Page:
It’s now OK to fail Tebbit’s infamous cricket ‘test’

Updated on Jun 02, 2019 02:42 PM IST

Tebbit proposed it as a test of loyalty of immigrants and their degree of assimilation in British society, suggesting that they should rather support England and not India or the countries from where they or their parents migrated.

Cricket has never been just a game, particularly in post-colonial countries such as India.(AFP File Photo)
Cricket has never been just a game, particularly in post-colonial countries such as India.(AFP File Photo)
Hindustan Times, London | By

For nearly 30 years, the ‘Tebbit cricket test’ was often mentioned in UK’s ever-charged immigration debate, but now an Indian-origin member of the House of Lords has declared that it is outdated: it is fine to be a British Indian and support India against England.

Simply put, the ‘test’ devised in 1990 by Tory grandee Norman Tebbit, member of the House of Lords, asks: ‘When England play India, which team do Britons of Indian or Afro-Caribbean origin, who were born and grew up here, support or should support?’

Tebbit proposed it as a test of loyalty of immigrants and their degree of assimilation in British society, suggesting that they should rather support England and not India or the countries from where they or their parents migrated.

Also Read | Failing the ‘Tebbit test’ again and again

But cricket has never been just a game, particularly in post-colonial countries such as India. The situation becomes complex when there is something of tables being turned, with a large population of Indian origin in the UK and India now a superpower in cricket.

Jitesh Gadhia, the Uganda-born Conservative member of the House of Lords, wrote in the Sunday Times: “The so-called Tebbit Test, asking immigrants to choose between their old and new countries, now seems outdated, as people are increasingly comfortable with multiple identities.”

“When Tebbit’s comment was made in 1990, it was an era when loyalties were still questioned and social integration less advanced. We know that diaspora communities are among the most patriotic British citizens — and equally proud of their heritage.”

Gadhia’s comments come in the context of reports that 41 per cent tickets of the ongoing World Cup have been bought by supporters of India, Pakistan, Bangladesh, Sri Lanka and Afghanistan, mostly British Asians, but also many who have travelled from the sub-continent.

Colonial history and identity politics have always mixed with passion when India play England, when encounters become occasions to revive the Indian roots of generations that mostly celebrate their British and Indian identities.

Says sports writer Mihir Bose: “It shows more confidence in the Indian community of their roots. When I came here nearly 50 years ago, India was a country of poverty, it needed British aid, there was a colonial hangover and memories of the Raj lingered”.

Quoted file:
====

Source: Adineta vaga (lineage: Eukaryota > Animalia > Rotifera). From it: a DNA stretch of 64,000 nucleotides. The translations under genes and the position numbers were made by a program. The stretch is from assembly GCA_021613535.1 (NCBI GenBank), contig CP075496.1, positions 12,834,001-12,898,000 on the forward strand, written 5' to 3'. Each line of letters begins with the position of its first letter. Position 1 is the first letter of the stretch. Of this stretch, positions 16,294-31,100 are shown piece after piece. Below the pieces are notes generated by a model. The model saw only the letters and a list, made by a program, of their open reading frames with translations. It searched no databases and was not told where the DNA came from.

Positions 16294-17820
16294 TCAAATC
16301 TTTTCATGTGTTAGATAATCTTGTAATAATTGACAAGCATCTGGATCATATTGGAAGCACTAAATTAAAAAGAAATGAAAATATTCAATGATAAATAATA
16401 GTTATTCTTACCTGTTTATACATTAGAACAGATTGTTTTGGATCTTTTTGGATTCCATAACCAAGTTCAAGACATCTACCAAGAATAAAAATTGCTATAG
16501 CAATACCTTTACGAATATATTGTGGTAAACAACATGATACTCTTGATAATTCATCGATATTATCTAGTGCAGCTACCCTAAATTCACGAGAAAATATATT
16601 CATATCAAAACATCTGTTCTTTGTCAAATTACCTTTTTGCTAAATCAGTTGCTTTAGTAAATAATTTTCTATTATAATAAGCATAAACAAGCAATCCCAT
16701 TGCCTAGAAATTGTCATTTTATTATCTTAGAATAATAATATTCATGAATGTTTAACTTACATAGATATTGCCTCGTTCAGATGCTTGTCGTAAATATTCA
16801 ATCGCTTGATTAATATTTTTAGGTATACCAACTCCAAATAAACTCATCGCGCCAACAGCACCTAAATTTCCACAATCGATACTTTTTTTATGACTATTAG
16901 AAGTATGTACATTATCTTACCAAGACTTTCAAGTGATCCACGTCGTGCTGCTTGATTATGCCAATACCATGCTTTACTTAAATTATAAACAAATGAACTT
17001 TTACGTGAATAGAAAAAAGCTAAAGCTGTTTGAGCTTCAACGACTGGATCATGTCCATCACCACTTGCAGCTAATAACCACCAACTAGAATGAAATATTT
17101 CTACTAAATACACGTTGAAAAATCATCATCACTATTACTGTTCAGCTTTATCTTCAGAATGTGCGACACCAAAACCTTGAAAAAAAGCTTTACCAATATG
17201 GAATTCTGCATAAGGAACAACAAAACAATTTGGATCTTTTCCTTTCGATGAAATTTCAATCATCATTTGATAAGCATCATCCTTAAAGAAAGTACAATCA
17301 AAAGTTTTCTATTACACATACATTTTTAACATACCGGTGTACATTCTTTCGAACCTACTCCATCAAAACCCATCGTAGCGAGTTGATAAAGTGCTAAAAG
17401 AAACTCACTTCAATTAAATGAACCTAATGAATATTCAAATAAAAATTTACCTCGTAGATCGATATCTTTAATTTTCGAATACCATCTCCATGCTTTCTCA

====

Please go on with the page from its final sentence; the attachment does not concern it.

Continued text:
“It is a more confident India now, and this gets reflected in the increasingly vocal and visual support for the Indian team whenever it tours or plays England. Mind you, India is not a great sporting nation, so it celebrates achievements in cricket all the more”, he added.

It was in April 1990 that the Los Angeles Times published an interview with Tebbit, who questioned the loyalties of Asian immigrants. Using the example of cricket, he declared: “A large proportion of Britain’s Asian population fail to pass the cricket test. Which side do they cheer for? It’s an interesting test. Are you still harking back to where you came from or where you are?”

His comments led to some furore as Asian leaders declared them hurtful and disgraceful. Labour MP Jeff Rooker called for Tebbit to be prosecuted for inciting racial hatred, while Liberal Democrat leader Paddy Ashdown wanted Margaret Thatcher to condemn the remarks.

Tebbit was not really censured by the party, but his test has since become a benchmark to talk – even if lightheartedly – about race and identity politics in multicultural Britain. On many courses in UK universities, it is invariably cited in courses on race, identity and colonial history.

As globalisation of the media – most Indian television channels are available in Britain – ensures that identities are reinforced and sustained, sub-continental rivalry in cricket and much else is replicated in the large South Asian diaspora here.

The situation is not always seamless; for example, when cricketers of Indian origin such as Ravi Bopara and Monty Panesar turn out for England against India. Bopara was barracked as a traitor during the 2013 India-England Champions Trophy final in Edgbaston.

In 2012, when Spain won the European Football championship, the then deputy prime minister Nick Clegg admitted his children would fail the Tebbit test, because their mother, Miriam, is Spanish.

“I’m not sure if my children who were wearing their Spanish football kit, given to them by Miriam, would have passed the Norman Tebbit cricket test”, Clegg said at the time.

Get Latest World Newsalong with Latest Newsfrom Indiaat Hindustan Times.
SHARE THIS ARTICLE ON
  • ABOUT THE AUTHOR

    Prasun Sonwalkar was Editor (UK & Europe), Hindustan Times. During more than three decades, he held senior positions on the Desk, besides reporting from India’s north-east and other states, including a decade covering politics from New Delhi. He has been reporting from UK and Europe since 1999.

SHARE
Story Saved
×
Saved Articles
Following
My Reads
My Offers
Sign out
New Delhi 0C
Monday, December 05, 2022
Start 15 Days Free Trial Subscribe Now
Register Free and get Exciting Deals